The video is short and tells but one story from the amazing life of Daryl Davis.  A documentary was released a few years ago called Accidental Courtesy and I happened upon it through the library.  They have a DVD copy and you can use Kanopy (a wonderful, free service through the library) to stream it.  The documentary adds much to the story and adds many more characters, some stories of redemption, some tragedies, and some stories of the road ahead.  Highly recommenced viewing.

Sunday, June 21, 2020

#1101


With the passing of Ian Holm and a free night I decided to finally watch Tolkien.  About a year ago, in Post #1005, I mentioned the movie and that an internet search would provide less than favorable reviews and I mentioned that the Tolkien family wanted nothing to do with the movie, and that negative attitude from me would account for my, almost spontaneous watching.  I had not written "Watch Tolkien" on my To Do List.  I should have.  It has been many years since I have read any Tolkien biography, so fact vs fiction in Tolkien's early life is not my strong suite.  Those answers can be found in the podcast from the Wade Center below.  If you have an interest in Tolkien, watch the movie, it is worth your time.  It is not an Oscar award winning movie, but enjoyable nonetheless.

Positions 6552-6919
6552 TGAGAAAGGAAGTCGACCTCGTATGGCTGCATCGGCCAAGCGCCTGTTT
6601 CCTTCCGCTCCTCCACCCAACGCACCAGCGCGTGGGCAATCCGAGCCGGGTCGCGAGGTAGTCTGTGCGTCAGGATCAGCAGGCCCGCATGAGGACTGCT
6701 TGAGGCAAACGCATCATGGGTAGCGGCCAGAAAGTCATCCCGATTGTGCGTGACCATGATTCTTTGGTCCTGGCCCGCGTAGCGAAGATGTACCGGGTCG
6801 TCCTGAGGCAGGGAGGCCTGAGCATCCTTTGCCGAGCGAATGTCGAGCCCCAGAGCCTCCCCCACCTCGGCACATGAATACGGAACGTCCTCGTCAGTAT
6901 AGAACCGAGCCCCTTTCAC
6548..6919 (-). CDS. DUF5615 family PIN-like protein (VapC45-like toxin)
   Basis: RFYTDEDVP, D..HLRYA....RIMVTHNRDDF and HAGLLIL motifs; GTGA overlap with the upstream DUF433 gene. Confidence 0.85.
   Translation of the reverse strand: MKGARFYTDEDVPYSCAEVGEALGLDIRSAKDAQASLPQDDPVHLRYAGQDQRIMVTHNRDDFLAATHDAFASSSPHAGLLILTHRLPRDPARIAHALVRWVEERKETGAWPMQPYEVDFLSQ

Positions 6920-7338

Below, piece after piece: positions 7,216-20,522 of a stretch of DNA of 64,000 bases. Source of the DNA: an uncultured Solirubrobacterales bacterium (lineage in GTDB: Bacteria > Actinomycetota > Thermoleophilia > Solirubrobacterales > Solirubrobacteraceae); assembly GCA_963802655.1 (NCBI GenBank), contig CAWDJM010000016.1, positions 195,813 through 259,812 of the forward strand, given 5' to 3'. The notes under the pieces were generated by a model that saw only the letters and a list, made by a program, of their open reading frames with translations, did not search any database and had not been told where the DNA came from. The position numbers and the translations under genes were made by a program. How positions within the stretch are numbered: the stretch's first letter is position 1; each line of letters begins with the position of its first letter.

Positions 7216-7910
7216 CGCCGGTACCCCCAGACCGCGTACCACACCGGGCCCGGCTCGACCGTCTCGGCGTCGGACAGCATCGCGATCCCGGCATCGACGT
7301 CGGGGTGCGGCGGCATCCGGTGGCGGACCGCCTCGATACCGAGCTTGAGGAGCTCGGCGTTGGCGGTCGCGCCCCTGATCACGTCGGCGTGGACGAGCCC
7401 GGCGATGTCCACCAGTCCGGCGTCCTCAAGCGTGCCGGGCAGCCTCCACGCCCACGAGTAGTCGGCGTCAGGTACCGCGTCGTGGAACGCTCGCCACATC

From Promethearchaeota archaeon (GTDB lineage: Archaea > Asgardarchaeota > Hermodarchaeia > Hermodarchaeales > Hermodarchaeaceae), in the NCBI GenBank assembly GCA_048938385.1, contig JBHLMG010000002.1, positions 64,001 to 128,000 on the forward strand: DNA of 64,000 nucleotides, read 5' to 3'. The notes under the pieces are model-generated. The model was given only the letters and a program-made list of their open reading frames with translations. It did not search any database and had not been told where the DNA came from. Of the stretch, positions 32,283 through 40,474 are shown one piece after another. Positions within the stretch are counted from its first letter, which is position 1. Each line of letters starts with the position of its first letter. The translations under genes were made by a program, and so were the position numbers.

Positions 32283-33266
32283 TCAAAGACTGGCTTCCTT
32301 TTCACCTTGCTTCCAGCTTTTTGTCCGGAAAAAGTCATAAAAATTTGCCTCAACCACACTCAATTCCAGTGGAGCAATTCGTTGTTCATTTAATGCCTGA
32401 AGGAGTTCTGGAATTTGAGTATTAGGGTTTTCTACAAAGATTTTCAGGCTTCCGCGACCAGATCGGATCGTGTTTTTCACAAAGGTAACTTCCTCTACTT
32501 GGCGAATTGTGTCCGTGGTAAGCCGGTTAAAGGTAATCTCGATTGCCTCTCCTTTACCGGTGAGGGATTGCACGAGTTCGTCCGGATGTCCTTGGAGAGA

Saturday, June 20, 2020

#1100


Ian Holm - Bilbo Baggins to many of us - passed away yesterday, he was 88.  Playing Bilbo in Peter Jackson's Lord of the Rings films was my introduction to Ian Holm.  I then discovered I had watched him in Chariots of Fire and AlienHe has 137 credits to his name on IMDB.



Friday, June 19, 2020

#1099